In its proposed reform of Spain's penal code, which was approved by the Cabinet last Friday, the government included the concept of a "reviewable life sentence" that could keep criminals in prison indefinitely, despite previous warnings against the idea by the State Council advisory body, the CGPJ judicial watchdog and other relevant bodies. A scale of jail sentences running up to 40 years was already introduced by the previous Popular Party government, and so it is hard to understand the need to tighten things further in a country where criminal activity is relatively low. This insistence on giving a judge the option of a kind of life sentence — although the convict's continuation in jail would be reviewed after 25-35 years, according to the crime — looks like a nod to the gallery where the most radical conservatives take their seats, and who clamor for life imprisonment or the death penalty whenever a crime that attracts a lot of media interest takes place.
However gruesome and outrageous cases such as the murder of two children by their father (José Bretón) may be, it is highly doubtful that any such criminal would hold back in the face of a possible life sentence, rather than the 40-year maximum that is currently on the statute books. This new sentence would be applied in cases of terrorist homicide, political assassination, genocide and murder where the victim or victims were under 16 years of age or from another especially vulnerable group in society.
In amongst this and other authoritarian elements, the proposed reform includes some changes that respond to the necessities of our time, such as the criminalization of incitement to hatred and violence against minorities, sexual harassment, stalking and forcing a woman into marriage. Another positive proposal is the toughening of the law against those who make money out of digital copyright theft, although the penalties may be too steep (up to six years in prison). In any case, this penal reform will not achieve its aims without a parallel investment in education and building public awareness to prevent offenses from being committed in the first place. As for the mooted new offense of disseminating messages inciting a breach of public order, this needs to be very carefully drawn up and clearly limited in its future application.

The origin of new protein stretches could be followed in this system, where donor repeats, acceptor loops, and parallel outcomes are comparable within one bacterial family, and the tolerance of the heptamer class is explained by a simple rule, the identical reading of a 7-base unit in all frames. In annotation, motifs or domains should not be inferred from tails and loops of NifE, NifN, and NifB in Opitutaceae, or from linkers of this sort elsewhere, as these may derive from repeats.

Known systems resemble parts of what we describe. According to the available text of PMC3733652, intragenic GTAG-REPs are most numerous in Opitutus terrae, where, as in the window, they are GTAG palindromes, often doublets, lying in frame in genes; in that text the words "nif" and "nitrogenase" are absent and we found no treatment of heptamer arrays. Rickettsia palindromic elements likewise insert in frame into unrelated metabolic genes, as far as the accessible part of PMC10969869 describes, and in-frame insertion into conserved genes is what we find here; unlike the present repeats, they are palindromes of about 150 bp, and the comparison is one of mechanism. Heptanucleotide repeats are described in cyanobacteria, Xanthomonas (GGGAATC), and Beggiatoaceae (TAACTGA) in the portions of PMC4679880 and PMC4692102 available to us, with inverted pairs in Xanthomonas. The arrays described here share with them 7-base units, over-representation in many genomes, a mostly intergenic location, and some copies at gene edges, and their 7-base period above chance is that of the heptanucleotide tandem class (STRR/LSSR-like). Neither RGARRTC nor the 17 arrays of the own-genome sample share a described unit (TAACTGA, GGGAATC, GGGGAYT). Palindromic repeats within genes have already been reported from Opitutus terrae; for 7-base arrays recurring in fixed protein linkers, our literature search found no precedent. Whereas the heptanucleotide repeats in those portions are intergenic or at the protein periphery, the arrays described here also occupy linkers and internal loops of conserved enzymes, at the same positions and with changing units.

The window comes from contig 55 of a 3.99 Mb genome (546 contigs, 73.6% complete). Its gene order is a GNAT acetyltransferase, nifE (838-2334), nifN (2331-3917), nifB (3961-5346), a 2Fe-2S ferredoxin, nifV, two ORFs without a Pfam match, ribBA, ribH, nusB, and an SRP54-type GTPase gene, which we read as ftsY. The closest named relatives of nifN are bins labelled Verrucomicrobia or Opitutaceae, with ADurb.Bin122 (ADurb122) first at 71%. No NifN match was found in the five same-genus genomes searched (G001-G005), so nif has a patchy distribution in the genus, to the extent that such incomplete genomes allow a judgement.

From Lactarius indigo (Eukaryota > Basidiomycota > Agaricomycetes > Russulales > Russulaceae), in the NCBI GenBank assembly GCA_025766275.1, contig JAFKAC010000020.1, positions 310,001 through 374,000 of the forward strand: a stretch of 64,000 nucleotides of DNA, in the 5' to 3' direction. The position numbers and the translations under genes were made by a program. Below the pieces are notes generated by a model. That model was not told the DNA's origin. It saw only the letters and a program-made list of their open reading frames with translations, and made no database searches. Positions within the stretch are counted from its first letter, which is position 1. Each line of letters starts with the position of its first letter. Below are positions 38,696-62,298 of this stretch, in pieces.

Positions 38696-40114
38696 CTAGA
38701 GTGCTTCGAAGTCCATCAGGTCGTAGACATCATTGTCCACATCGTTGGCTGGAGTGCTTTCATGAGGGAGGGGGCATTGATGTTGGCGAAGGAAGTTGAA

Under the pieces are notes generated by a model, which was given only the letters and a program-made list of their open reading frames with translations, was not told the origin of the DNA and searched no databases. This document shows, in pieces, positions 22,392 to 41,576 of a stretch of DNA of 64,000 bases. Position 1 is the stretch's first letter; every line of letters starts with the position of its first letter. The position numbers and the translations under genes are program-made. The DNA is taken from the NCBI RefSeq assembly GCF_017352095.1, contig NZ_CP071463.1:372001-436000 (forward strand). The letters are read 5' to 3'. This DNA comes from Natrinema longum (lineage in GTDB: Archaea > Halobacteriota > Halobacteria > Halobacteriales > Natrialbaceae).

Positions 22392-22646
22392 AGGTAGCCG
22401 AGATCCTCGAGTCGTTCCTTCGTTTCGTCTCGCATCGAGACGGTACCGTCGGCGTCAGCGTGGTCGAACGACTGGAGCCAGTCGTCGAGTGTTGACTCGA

The package of anticorruption measures, meanwhile, is awash with confusion. While the aim of making illegal party financing a crime — which previously it has not been — may be laudable, the idea of singling out party treasurers is not. Why should the treasurer alone face an annual parliamentary grilling, while the rest of the party leadership takes no responsibility for financing irregularities? This question is an important one because the explanations so far provided by the ruling Popular Party and Catalonia's Convergència grouping in the ongoing Bárcenas and Palau criminal investigations run along similar lines: that treasurers run the financial side of the party while secretary generals and the like engage in clean politics.
Deputy Prime Minister Soraya Sáenz de Santamaría's offer of dialogue with other political forces should be seized upon to correct some of the rougher edges of this legislation during its parliamentary passage.